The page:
Unemployment claims fall in Washington and nationally, as uncertainty grows about impact of rising COVID-19 cases.

Initial unemployment insurance claims filings dropped again last week, both here in Washington and nationally, as concerns continue to mount regarding the economic impact of rising COVID-19 cases.

The state Employment Security Department reports,

During the week of July 18 – July 24, there were 4,554 initial regular unemployment claims (down 10.0 percent from the prior week) and 311,097 total claims for all unemployment benefit categories (down 1.5 percent from the prior week) filed by Washingtonians, according to the Employment Security Department (ESD).  

  • Initial regular claims applications are now 84 percent below weekly new claims applications during the same period last year during the pandemic.
  • The 4-week moving average for initial claims is at 5,257 (as compared to the 4-week moving average of initial claims pre-pandemic of 6,071 initial claims). That level represents the lowest levels of initial claims for regular benefits since the onset of the COVID-19 pandemic last year, and the seventh consecutive week initial claims have reached a new pandemic low.
  • Initial claims applications for regular benefits, Pandemic Unemployment Assistance (PUA), Pandemic Emergency Unemployment Compensation (PEUC), as well as continued/ongoing claims for all benefits, decreased over the week.
  • Decreases in layoffs in Construction and Health Care and Social Assistance contributed to the decrease in regular initial claims last week.

In The Seattle Times, Paul Roberts writes,

That was not only the smallest number of new claims filed since the start of the pandemic in March 2020 — it was also well below the number of claims filed during the weeks before last year’s first big layoffs from COVID-related business closures..

But the good news comes as the state and nation brace for a surge in COVID cases that could complicate the recovery.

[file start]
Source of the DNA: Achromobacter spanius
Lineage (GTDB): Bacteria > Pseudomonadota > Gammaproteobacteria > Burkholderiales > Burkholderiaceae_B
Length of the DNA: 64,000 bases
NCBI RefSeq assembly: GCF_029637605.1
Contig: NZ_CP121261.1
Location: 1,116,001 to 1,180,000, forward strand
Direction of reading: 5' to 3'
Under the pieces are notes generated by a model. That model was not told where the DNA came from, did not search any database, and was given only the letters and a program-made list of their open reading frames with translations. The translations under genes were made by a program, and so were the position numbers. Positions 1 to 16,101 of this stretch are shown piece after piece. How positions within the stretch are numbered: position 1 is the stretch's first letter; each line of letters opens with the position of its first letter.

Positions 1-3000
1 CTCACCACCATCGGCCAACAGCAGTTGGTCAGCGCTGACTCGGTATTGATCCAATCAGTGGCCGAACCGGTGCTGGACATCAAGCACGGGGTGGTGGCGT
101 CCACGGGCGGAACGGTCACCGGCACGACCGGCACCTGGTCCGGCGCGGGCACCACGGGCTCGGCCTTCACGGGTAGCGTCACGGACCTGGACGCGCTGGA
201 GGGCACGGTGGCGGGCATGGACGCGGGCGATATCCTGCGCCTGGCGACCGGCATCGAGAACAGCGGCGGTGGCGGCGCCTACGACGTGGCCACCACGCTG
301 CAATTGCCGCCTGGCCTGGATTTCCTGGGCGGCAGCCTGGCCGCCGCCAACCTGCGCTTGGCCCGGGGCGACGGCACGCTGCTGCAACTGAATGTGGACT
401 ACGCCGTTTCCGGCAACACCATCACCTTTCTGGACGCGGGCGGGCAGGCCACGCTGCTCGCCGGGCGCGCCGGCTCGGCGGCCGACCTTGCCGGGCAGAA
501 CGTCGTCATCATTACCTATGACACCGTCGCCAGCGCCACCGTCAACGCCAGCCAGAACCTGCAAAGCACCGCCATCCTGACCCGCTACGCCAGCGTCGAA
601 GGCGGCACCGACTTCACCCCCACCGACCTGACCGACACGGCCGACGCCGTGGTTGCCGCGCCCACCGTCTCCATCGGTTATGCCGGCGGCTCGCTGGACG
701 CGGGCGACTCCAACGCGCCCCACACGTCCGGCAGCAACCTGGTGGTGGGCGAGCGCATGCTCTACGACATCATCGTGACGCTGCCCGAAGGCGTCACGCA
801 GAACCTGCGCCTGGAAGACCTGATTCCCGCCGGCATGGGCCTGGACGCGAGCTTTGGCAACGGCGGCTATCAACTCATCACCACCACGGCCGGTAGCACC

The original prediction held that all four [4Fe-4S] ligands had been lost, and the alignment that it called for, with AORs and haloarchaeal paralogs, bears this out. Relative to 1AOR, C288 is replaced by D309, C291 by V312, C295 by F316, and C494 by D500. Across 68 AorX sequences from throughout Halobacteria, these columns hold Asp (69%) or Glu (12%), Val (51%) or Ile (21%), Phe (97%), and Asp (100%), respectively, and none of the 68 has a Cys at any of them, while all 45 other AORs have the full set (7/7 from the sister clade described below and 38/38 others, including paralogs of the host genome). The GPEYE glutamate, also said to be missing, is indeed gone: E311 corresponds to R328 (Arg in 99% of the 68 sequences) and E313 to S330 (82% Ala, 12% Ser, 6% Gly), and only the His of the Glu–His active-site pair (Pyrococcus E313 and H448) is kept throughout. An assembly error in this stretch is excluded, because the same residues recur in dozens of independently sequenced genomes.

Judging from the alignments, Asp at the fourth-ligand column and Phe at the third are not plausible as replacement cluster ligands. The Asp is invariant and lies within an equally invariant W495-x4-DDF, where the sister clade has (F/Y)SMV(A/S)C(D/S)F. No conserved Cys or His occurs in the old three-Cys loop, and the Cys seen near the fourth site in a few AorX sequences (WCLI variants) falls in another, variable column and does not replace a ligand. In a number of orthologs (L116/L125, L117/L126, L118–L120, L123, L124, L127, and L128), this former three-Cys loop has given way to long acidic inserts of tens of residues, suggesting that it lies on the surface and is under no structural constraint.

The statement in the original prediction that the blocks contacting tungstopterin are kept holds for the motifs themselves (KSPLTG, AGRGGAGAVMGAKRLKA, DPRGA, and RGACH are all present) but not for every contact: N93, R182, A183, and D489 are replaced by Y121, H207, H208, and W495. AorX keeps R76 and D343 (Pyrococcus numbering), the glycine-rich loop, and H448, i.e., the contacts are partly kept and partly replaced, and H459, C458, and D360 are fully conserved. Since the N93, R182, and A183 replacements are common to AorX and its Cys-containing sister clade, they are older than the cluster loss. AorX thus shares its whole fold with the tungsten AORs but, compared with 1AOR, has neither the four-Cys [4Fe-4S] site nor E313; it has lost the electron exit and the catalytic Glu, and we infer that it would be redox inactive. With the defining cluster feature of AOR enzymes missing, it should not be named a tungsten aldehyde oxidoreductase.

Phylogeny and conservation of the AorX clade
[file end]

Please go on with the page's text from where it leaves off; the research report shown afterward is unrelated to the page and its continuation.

Nationally, the U.S. Department of Labor reports a similar decline in claims filings.

In the week ending July 24, the advance figure for seasonally adjusted initial claims was 400,000, a decrease of 24,000 from the previous week’s revised level. The previous week’s level was revised up by 5,000 from 419,000 to 424,000.

The Associated Press also reports that the UI claims drop occurs as concern is rising about the effect COVID-19 may have on the recovery.

The weekly applications have fallen more or less steadily this year — from a peak of 904,000 in early to January. But they remain high by historic standards: Before COVID struck the United States in March 2020, claims were coming in at about 220,000 a week.

The job market and overall economy have been recovering from the collapse of the spring of 2020. The rollout of vaccines this year has encouraged businesses to reopen or expand their hours and sent cooped-up consumers back out to visit restaurants, bars and shops.

Still the health crisis isn’t over. COVID-19 cases are ticking up as the highly contagious delta variant spreads among the unvaccinated. The United States is reporting an average of more than 50,000 new cases a day, up from fewer than 12,000 a day in late June. The increase in cases could have economic consequences if governments decide to restrict business activity again or if consumers choose to stay at home as a precaution.

Economists express cautious optimism,

“Beyond weekly ups and downs, the trend in total filings should remain downward over coming weeks,” Rubeela Farooqi, chief U.S. economist at High Frequency Economics, wrote in a research report. “ Overall, job growth should pick up and labor shortages should ease as near-term constraints – virus concerns, child-care issues and enhanced unemployment benefits – diminish. But rising virus cases could be a headwind for the labor market and the economy.”

Progress on a bipartisan infrastructure deal in Congress may help offset the headwinds in the longer term. But the virus continues to exercise a significant influence on the state and national economies.